Flat Eye: How about a little more alienation?

After a rather daring and interesting Night Call, the French team of Monkey Moon has come up with their new game Flat Eye. Somewhere between modern and traditional… er, no. Somewhere between management and narrative, what are we to make of this surprising new attempt by the studio that put us in control of a futuristic Icelandic gas station?

In a way, the studio’s first game already flirted with management, but in a very light-hearted way: as a taxi driver helping the police, you had to strike a balance between gathering information and surviving a difficult job. Despite its undeniable qualities, Night Call suffered from some serious shortcomings: unintuitive and relatively poor investigative gameplay, an undeniable political dimension that was sometimes a bit forced, and above all a narrative structure that was strictly identical between the three scenarios offered. However, the game was able to rely on solid character writing, which made our motorized wanderings through Parisian nightlife a pleasure. In the end, it’s these characters and the brief relationships they forge with us that are the most memorable aspects of the game. It’s these stories that are at the heart of the game, while information about the investigation is only given to the player, never told.

EyeLife or the futuristic Amazon

Flat Eye is based on the same premise as its predecessor: the heart of the story revolves around your resort’s premium customers, who come to use the various services you provide. Each time they come, you’ll have the opportunity to talk to them, learn more about their history and problems, and help them with some of their choices. But to fully understand what we’re talking about, we need to go back to the lore and gameplay of the game.

Meet plenty of characters with various stories

The game takes place in the year 2023, in a future… or rather an unchronistic present, in which a gigantic company, EyeLife, seems to be taking over an ever-growing proportion of the products and services sold around the world. What makes this company special, as you’ll soon discover, is that it’s run by an artificial intelligence. Or rather, if it is not the CEO (who will change every three or four days), it has been the majority shareholder for several years. In the words of the game’s creators, this is the starting point for Flat Eye. In short, EyeLife is a kind of Amazon that has escaped the hands of Jeff Bezos in favor of the predictive algorithms used to entice you to buy. I won’t say any more, because one of the central pleasures of the game is the gradual discovery of its lore. But where does the player fit into all this? You play the manager of one of the company’s service stations, which is in direct contact with EyeLife’s AI.What is the purpose of this election? Nothing less than the future of mankind will be decided by you and your interactions with VIPs! Well, “you”… Or rather, the clerk (as EyeLife Station employees are called) to whom you give orders. Through the many relationships you’ll forge with your customers, you’ll enable the AI to learn more about the world and people, providing an opportunity to perfect its predictions and consider new options for humanity’s future. The framework of the game is set. In a world halfway between Minority Report and an Z movie, you’ll become the vessel of humanity’s future.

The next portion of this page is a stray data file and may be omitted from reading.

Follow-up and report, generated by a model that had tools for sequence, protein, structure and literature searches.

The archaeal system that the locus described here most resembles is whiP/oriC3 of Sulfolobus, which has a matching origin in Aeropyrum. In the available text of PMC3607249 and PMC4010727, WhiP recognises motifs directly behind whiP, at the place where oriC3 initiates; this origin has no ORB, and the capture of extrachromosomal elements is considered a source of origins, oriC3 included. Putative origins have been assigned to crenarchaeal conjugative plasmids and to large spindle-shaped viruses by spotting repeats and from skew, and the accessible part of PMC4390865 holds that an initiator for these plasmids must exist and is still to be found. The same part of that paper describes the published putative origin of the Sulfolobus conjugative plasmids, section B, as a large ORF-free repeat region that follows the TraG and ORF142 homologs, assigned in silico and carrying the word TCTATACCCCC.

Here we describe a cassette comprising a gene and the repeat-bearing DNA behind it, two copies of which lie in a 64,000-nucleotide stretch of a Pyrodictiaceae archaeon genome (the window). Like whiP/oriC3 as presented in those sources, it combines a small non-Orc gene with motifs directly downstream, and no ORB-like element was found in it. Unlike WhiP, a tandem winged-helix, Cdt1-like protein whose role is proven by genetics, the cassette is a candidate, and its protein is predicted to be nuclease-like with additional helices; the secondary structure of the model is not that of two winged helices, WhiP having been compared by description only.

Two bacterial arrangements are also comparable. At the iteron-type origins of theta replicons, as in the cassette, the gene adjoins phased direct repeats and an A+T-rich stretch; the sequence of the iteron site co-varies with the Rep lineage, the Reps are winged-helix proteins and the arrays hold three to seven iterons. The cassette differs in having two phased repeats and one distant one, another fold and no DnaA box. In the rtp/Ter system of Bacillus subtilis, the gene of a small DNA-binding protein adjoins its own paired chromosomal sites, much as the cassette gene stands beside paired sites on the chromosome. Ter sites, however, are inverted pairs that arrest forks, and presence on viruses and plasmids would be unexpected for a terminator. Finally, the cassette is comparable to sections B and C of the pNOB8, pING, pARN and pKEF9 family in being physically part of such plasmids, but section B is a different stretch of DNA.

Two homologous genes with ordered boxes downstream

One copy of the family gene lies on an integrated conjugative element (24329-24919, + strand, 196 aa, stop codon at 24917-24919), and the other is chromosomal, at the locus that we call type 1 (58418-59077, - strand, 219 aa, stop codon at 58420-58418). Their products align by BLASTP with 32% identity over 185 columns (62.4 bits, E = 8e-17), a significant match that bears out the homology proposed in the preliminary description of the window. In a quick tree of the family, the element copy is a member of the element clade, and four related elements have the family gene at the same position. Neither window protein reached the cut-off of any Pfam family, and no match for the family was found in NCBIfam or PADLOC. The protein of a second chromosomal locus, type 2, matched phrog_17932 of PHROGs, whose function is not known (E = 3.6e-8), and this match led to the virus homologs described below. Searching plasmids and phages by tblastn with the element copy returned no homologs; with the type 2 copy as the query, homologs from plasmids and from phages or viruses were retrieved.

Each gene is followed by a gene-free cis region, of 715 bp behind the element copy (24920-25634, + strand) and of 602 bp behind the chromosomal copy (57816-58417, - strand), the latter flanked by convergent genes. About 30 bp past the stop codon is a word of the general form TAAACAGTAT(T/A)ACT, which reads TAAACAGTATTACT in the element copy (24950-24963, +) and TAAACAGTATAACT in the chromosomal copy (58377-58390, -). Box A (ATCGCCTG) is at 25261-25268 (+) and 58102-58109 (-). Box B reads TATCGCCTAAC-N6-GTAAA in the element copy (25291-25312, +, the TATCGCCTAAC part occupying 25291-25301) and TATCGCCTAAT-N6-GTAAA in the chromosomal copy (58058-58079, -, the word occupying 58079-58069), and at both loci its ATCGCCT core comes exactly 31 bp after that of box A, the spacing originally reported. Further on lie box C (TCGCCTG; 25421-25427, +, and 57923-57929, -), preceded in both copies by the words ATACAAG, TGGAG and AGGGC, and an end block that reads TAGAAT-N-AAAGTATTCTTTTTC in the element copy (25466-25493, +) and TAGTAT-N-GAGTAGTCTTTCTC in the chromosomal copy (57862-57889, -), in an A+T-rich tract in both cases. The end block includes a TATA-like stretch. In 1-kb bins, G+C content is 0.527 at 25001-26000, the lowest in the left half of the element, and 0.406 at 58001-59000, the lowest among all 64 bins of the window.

Managing on board or getting bored?

So here you are, at the helm of your own little gas station! First of all, and in the interest of full disclosure, I have to admit that I’m no specialist in management games… in fact, I’m a complete novice. In fact, that’s what initially scared me about Flat Eye, but I went for it anyway. And I have to admit, at first you really get into the game! You send your employee out to collect customers, stock the shelves, and repair broken machines.

Manage your gas station, starting from scratch

Then the first add-on modules are unlocked: coffee and juice machines, medical cabins, connected toilets, and so on. There is a whole armada of equipment to take care of while still being attentive to the wishes of the customer. At EyeLife, the customer is king. If you make him wait too long, he’ll leave. You’ll lose money and your reputation will suffer.

So we quietly manage our little station and enjoy discovering the new modules at our disposal. They all herald an absolutely brilliant future, in which private enterprise is becoming more and more involved in people’s lives, with technologies that are each more frightening than the last. From the medical booth to the successful cloning machine to the memory suppressor, there’s a lot to see. All of these new installations will bring new premium customers to your station. Soon you’ll unlock automatic cash registers and little robots that will repair machines and stock shelves for you. One small problem: the robots have a few bugs, especially if you decide to work with them at the same time. So the best solution is to leave them alone and place your employee in front of the only machine that still requires human intervention.